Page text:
By Stefan J. Bos, Chief International Correspondent Worthy News
ABUJA (Worthy News) – Christian leaders have appealed for prayers after two Catholic priests were kidnapped in northern Nigeria over the weekend amid ongoing abductions of Nigerian clergy by suspected Islamic fighters.
Nigeria’s Catholic Diocese of Kafanchan said priests John Mark Cheitnum and Denatus Cleopas were kidnapped late Friday at the rectory of Christ the King Catholic Church in the town of Lere in Nigeria’s Kaduna State.
“May Jesus, crucified on the Cross, listen to our prayers and hasten the unconditional release of His priests and all other kidnapped persons,” said Diocese Chancellor Emmanuel Uchechukwu Okolo in a statement. “We will use every legitimate means to ensure their quick and safe release,” he said.
At least seven Catholic priests are known to have been kidnapped in Nigeria this month, according to data by Aid to the Church in Need, a Catholic nonprofit group.
The latest abduction brings a total of up to 20 Nigerian priests kidnapped since the beginning of 2022. Three of the priests were killed.
Security expert David Otto, director of the Geneva Centre for Africa Security and Strategic Studies, based in Geneva, Switzerland, isn’t surprised about the abductions.
He told the Catholic News Agency (CNA) that security experts in his group agree that the Catholic Church is targeted because it paid steep ransoms of up to $200,000 or more.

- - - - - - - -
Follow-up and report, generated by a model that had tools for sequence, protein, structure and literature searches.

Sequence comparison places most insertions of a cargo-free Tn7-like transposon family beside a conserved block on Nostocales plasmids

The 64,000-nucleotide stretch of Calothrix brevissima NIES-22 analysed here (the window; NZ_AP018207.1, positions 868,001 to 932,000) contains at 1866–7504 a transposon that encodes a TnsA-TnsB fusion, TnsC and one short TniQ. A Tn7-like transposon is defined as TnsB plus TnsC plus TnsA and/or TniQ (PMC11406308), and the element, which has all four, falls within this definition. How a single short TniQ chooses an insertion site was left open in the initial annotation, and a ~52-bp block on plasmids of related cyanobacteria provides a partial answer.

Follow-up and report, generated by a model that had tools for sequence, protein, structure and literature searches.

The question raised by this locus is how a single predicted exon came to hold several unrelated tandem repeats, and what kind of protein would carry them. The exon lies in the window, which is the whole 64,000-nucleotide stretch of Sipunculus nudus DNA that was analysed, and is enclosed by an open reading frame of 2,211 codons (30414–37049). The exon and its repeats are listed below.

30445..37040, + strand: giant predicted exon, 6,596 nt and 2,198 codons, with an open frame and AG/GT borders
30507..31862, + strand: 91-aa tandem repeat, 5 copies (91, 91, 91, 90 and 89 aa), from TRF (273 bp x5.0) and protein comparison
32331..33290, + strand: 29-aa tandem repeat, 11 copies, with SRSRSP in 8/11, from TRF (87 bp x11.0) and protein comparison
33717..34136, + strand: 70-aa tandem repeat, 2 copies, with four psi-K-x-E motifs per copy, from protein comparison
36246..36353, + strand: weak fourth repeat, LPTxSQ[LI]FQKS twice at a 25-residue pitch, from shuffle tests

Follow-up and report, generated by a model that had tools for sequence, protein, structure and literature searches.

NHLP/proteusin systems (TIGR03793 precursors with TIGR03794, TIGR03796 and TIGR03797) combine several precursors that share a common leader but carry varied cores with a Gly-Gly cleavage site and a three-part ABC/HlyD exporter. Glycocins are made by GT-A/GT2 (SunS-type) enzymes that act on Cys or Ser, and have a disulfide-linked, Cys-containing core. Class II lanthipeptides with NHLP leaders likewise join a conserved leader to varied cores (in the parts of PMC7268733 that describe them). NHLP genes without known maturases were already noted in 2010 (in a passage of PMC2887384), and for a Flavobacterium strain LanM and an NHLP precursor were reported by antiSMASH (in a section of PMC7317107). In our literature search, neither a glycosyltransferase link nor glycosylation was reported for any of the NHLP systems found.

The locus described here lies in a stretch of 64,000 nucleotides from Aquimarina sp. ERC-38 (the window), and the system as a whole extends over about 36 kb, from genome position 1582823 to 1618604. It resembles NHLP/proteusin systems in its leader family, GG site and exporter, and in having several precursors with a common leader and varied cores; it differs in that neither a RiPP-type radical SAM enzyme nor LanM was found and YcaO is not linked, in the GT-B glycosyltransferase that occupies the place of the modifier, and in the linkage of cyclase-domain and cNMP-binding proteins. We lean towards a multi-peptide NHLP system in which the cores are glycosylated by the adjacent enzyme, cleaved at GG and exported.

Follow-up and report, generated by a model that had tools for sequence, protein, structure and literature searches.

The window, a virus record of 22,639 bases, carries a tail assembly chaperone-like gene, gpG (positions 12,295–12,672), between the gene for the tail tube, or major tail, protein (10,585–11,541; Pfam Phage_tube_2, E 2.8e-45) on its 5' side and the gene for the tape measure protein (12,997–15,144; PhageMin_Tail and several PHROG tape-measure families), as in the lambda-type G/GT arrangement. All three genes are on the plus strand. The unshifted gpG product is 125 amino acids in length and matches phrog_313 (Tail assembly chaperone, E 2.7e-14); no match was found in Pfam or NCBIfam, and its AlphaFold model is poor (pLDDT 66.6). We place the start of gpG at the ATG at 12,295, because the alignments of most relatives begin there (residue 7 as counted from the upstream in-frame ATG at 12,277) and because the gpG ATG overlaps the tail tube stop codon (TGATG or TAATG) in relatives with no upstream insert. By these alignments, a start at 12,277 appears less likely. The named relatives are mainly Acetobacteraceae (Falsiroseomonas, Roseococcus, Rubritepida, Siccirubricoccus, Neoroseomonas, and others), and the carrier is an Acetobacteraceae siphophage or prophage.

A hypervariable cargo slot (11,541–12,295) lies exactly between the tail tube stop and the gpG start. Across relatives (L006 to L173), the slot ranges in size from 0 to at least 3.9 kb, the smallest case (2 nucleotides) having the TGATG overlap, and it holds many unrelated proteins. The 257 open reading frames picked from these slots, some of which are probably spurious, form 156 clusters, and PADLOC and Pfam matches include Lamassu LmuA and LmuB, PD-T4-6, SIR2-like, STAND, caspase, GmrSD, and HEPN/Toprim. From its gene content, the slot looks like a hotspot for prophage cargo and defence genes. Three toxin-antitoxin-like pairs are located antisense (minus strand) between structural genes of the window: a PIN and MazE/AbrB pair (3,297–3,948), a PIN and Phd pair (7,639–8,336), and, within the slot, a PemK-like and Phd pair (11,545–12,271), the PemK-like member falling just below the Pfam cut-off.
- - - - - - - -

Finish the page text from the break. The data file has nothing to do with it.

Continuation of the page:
Catholic Church officials haven’t confirmed the ransoms in the impoverished country, and the precise circumstances surrounding the release of clergy have not always been shared publicly.
The abductions are part of the growing “Islamic oppression” that rights groups say Christians experience in several parts of Nigeria under President Muhammadu Buhari.
The government has come under mounting pressure to increase the protection of churches and their leaders in Nigeria, where thousands of Christians have been killed over the last year.
This mainly affects believers living in the Muslim-majority north and Middle Belt, but it’s also spreading to the south, according to church groups and rights activists.
Although all civilians are subject to threats and violence, Christians are often targeted explicitly because of their faith, said the advocacy group Open Doors.
In one of the deadliest single incidents in recent weeks, at least 50 Christians, including children, were killed and dozens injured in an attack on a church in southwest Nigeria as it gathered to celebrate Pentecost.
The presiding priest and several believers were kidnapped.
The attackers shot at people outside and inside St Francis Catholic Church in the town of Owo in Ondo State on Sunday, June 5, while explosives were also detonated.
Nigerian Christians are not only targeted by Islamic criminals known locally as “bandits” or armed Fulani herdsmen: Islamic terror groups such as Boko Haram and the Islamic State West Africa Province want to “eliminate” Christianity “ in the country.
As violence and kidnappings continue, Catholic leaders urged Christians to remain calm while asking priests to “pray and fast” amid the deteriorating security situation in the African nation.
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